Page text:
Monday, June 30, 2008

Marco's Travels

Well, I finally made it to New Mexico. I had planned on leaving the house on Friday after the Mayflower guys finished packing our house. But, alas, they didn't finish until almost 4:30 p.m., and we thought it best to spend the evening going to dinner with the Sorenson's one last time (it was the right choice).

I decided I would leave early Saturday morning, but that didn't work either. When Dem and I kneeled down to pray just before I was to have left, I noticed small dots of what seemed like tapioca pearls floating in my right eye. Having experienced a retinal tear six year ago, I knew exactly what was happening -- I was bleeding into my eye (the tapioca pearls are red blood cells, and, yes, you can see them, oddly enough). Figuring unwanted bleeding into my vitrious liquid was not what I wanted to continue unabated, I called a local Opthamologist. Dr. Liu was nice enough to see me on fairly short notice, so Dem, Elliot, and I drove to his office in Omaha.

He dialated my pupils and shone one of those terribly bright lights in my eye for a good fifteen minutes. He then declared: "Everything's okay." "Really?" I said with my eyes watering and only seeing purple faux light in my right eye. "Then why am I bleeding into my eye?" I continued. Dr. Liu explained sometimes the sack in which the vitrious liquid is contained contracts, causing slight bleeding but no tearing (yeah, I don't understand that explanation either). Anyway, I chose to believe him, and left for New Mexico shortly after having arrived back home in Lincoln.

I made it to the bustling metropolis of Brush, Colorado before sacking out at the Econolodge. The front desk lady was nice and talkative. She figured out I was moving to Farmington, and had just left Demaree and Elliot in Nebraska because we hadn't finalized Elliot's adoption yet. Upon hearing we were adopting, she informed me she was thinking about adoption. She had four children, but they were all boys. She figured adoption would give her the treasure she had sought lo these many years: a girl. I wished her luck, went to my room, took in an episode of "Good Eats", and hit the hay.

Sunday was filled with driving, driving, and more driving. It's incredible how long it takes to get through Colorado. In any case, I made it to Farmington around 4 p.m. Dem's brother Denis and his fiance Lisa also stayed the night on their way to San Angelo. (They thought it a good idea to spend time with Denis's family before the wedding.) We had a good time talking, and eating dinner together.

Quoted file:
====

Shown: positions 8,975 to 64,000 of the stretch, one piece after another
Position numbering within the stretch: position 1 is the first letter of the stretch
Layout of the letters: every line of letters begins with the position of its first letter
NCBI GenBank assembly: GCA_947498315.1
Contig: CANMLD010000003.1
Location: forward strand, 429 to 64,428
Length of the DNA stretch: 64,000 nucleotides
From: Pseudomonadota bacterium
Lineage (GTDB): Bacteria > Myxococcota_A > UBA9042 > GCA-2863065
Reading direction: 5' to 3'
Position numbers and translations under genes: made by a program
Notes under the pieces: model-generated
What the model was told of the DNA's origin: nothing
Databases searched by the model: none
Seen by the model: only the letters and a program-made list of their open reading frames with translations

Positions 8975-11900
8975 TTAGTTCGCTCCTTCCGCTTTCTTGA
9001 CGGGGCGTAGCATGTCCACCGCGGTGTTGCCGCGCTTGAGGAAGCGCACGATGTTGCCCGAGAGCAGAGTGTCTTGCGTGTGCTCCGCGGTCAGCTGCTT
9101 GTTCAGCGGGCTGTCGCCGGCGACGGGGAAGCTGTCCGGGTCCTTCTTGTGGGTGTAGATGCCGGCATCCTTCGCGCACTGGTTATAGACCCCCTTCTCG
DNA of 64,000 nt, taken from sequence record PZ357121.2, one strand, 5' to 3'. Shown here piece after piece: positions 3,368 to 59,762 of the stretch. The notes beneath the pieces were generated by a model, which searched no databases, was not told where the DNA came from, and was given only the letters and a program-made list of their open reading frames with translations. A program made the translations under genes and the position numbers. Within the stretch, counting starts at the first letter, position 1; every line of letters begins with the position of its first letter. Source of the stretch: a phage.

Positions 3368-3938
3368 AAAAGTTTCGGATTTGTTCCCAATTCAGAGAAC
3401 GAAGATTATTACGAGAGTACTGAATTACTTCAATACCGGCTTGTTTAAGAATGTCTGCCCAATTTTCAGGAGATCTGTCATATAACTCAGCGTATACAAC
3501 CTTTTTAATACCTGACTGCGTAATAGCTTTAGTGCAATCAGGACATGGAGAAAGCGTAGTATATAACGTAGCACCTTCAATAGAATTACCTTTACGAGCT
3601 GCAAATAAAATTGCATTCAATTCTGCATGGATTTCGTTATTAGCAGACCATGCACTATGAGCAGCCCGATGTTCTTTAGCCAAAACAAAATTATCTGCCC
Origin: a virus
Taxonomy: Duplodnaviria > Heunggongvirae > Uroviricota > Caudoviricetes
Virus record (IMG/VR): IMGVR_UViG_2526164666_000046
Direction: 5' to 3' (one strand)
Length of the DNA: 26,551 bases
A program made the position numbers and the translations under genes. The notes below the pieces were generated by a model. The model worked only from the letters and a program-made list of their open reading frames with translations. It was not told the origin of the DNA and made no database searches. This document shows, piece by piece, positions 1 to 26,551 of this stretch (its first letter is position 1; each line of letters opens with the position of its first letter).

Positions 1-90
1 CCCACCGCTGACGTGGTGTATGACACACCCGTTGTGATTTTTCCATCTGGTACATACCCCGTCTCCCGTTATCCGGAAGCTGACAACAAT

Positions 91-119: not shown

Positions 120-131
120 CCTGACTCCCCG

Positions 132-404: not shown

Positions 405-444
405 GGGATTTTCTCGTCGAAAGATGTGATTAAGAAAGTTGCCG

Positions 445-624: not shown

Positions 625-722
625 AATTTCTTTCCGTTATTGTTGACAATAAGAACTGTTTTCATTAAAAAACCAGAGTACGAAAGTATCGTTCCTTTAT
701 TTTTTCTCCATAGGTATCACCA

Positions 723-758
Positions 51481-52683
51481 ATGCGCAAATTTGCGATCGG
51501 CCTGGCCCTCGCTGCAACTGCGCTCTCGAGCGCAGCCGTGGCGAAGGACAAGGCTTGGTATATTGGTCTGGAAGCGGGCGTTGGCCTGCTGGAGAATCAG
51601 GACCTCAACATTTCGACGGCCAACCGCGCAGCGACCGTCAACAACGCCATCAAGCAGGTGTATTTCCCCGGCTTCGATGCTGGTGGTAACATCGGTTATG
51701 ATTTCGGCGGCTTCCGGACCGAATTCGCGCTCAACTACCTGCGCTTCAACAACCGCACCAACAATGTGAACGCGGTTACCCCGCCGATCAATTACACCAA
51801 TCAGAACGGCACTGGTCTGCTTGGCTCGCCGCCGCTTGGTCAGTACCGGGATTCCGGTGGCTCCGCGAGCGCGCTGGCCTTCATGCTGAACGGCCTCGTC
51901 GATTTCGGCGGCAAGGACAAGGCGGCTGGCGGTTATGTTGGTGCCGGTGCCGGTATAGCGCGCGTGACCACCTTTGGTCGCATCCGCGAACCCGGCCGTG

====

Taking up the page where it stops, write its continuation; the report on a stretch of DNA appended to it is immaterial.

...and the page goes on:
(Update: my eye seems fine, I think. It hasn't become more populated with tapioca pearls, which is a good sign.)

Monday, June 23, 2008

Great Summer Citrus Salad

This salad is fast becoming one of our family favorites. (warning: if you think this is a green salad, stop reading now -- if you don't, sore disappointment will ensue). It's a very simply citrus and onion salad. Here's the recipe:

1. One half red onion
2. 4 to 5 oranges
3. Olive oil (to taste)
4. Salt (to taste)

Slice red onion cross-sectionally in thin layers. When finished, cut onion slices in half. Place onion in water for about an hour -- this takes the bite out of the raw onion. Take oranges, remove skin with a knife (don't peel them with your hands because you'll leave the pith) and slice them cross-sectionally as you did the onion.

To bring it all together, place oranges overlapping each other on a platter. Dry onion, and place strands over oranges. Sprinkle with salt to taste. Finally, pour olive oil on everything. Serve salad soon after adding salt, lest the onion and oranges will begin to break down.

Beautiful, simple, delicious. What more could you ask for?

Saturday, June 21, 2008

Our Saturday at The Zoo

We took Elliot to the Omaha zoo for the first time this morning. For those who don't know, Omaha's zoo is quite good, so we spent a good four hours there. Unfortunately, the college world series held games today, which meant it was an hour and fifteen minutes from when we exited the freeway until we found a parking space. It was worth it though; we all had a good time.

This is Elliot rubbing the stone globe that rotates by means of water bubbling up from the bottom.

Here we are with the grizzly bears. Elliot did actually look at him after a minute. (Aside: As one who grew up with grizzly bears roaming his front yard (literally), I was rather disappointed with the midget grizzly on display. I swear, the thing was no bigger than some people you see at Wal-Mart riding on those self-propelled shopping carts.)